On Wed, Mar 12, 2014 at 05:14:15PM -0400, Jeff King wrote:
> I also think that "eof = next" (which I retained here) is off-by-one.
> "next" here is not the newline, but the start of the next line. And I'm
> guessing the code actually wanted the newline (otherwise "it->key" ends
> up with the newline in it). But we cannot just subtract one, because if
> we hit "eob", it really is in the right spot.
I started on a patch for this, but found another interesting corner
case. If we do not find a newline and hit end-of-buffer (which
_shouldn't_ happen, as that is a malformed commit object), we set "next"
to "eob". But then we copy the whole string, including *next into the
"value" of the header.
So we intend to capture the trailing newline in the value, and do in the
normal case. But in the end-of-buffer case, we capture an extra NUL. I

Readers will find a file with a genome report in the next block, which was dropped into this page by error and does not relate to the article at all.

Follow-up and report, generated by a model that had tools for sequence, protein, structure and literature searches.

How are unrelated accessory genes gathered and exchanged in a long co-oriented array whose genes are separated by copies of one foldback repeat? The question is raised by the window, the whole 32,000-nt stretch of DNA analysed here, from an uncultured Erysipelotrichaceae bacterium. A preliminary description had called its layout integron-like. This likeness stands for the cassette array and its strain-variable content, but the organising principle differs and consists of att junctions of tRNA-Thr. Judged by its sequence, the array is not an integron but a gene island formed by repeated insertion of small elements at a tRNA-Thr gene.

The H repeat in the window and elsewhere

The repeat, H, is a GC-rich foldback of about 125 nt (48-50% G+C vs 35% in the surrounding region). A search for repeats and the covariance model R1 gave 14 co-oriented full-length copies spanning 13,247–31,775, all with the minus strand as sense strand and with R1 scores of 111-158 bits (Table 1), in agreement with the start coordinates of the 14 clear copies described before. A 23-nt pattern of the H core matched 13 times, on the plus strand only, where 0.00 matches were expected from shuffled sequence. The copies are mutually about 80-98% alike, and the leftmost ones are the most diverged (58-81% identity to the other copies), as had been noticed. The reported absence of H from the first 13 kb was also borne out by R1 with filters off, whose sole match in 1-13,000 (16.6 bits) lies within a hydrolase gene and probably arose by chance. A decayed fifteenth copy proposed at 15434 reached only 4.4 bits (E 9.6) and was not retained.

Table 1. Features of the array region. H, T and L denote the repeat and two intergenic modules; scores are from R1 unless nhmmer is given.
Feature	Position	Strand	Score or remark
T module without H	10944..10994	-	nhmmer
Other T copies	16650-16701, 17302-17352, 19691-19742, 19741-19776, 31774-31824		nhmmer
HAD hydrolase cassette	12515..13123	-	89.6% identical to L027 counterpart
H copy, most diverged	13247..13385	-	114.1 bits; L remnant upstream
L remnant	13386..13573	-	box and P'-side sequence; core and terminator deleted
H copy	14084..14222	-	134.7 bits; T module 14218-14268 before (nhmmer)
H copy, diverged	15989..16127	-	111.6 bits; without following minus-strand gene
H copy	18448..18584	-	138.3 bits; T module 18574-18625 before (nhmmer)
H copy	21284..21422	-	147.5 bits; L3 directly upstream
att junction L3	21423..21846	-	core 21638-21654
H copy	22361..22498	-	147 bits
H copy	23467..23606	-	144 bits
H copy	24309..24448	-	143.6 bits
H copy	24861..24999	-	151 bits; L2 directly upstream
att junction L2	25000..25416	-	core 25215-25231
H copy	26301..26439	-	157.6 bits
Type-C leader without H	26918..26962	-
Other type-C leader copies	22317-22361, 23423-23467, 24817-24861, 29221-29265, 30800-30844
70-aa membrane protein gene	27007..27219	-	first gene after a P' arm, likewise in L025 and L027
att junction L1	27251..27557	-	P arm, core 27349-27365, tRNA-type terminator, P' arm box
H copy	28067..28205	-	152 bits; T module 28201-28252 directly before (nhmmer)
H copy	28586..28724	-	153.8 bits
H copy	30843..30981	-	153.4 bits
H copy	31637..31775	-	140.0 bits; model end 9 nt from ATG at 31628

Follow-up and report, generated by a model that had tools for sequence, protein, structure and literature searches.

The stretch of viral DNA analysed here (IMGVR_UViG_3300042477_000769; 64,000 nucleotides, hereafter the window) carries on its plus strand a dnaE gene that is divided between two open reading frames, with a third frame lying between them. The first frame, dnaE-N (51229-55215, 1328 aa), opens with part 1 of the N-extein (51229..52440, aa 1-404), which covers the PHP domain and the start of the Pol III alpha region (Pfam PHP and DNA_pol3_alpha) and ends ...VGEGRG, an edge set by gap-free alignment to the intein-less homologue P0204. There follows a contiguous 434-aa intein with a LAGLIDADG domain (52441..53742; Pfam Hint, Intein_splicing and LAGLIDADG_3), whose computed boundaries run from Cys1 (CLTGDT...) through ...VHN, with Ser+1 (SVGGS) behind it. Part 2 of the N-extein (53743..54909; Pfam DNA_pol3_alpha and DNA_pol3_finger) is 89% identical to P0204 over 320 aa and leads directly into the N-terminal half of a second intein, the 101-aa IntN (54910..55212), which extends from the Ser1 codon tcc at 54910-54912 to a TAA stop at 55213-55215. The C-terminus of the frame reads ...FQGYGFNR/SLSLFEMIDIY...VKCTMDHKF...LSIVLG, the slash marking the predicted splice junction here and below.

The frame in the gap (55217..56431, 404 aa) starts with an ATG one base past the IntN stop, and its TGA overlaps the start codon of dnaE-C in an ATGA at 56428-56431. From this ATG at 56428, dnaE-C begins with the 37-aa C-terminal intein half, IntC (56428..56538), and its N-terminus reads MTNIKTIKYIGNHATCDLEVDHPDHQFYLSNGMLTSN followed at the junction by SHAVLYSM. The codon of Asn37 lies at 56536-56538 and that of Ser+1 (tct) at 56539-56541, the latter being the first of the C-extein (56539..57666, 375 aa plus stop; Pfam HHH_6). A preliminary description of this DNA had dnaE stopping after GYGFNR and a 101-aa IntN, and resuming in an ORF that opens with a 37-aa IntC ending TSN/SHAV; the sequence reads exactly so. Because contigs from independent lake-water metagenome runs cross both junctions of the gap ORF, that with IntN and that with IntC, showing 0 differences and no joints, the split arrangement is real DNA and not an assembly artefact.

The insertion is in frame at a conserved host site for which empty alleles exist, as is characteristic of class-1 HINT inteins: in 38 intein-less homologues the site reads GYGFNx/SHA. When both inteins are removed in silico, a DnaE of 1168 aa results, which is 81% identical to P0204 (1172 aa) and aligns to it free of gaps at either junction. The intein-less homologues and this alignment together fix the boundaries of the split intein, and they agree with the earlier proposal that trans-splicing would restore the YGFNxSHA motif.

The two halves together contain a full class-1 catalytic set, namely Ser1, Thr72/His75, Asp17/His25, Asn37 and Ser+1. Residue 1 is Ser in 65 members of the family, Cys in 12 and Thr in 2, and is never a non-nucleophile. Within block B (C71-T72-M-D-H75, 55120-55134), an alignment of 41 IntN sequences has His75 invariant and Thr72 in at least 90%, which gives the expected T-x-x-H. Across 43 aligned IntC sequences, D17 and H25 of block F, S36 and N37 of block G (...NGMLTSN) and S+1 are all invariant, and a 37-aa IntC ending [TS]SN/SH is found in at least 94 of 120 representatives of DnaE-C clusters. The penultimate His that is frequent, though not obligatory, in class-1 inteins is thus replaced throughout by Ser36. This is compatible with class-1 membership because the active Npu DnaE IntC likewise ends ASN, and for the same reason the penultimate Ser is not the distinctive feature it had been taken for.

think that's OK, because the eventual fate of the buffer is to become a
C-string. But it does mean that the result sometimes has a
newline-terminator and sometimes doesn't, and the calling code needs to
handle this when printing, or risk lines running together.
Should this function append a newline if there is not already one? If
it's a mergetag header, we feed the result to gpg, etc, and expect to
get the data out verbatim. We would not want to mess that up. OTOH, the
commit object is bogus (and possibly truncated) in the first place, so
it probably doesn't really matter. And the GPG signature on tag objects
has its own delimiters, so a stray newline present or not at the end
should not matter.
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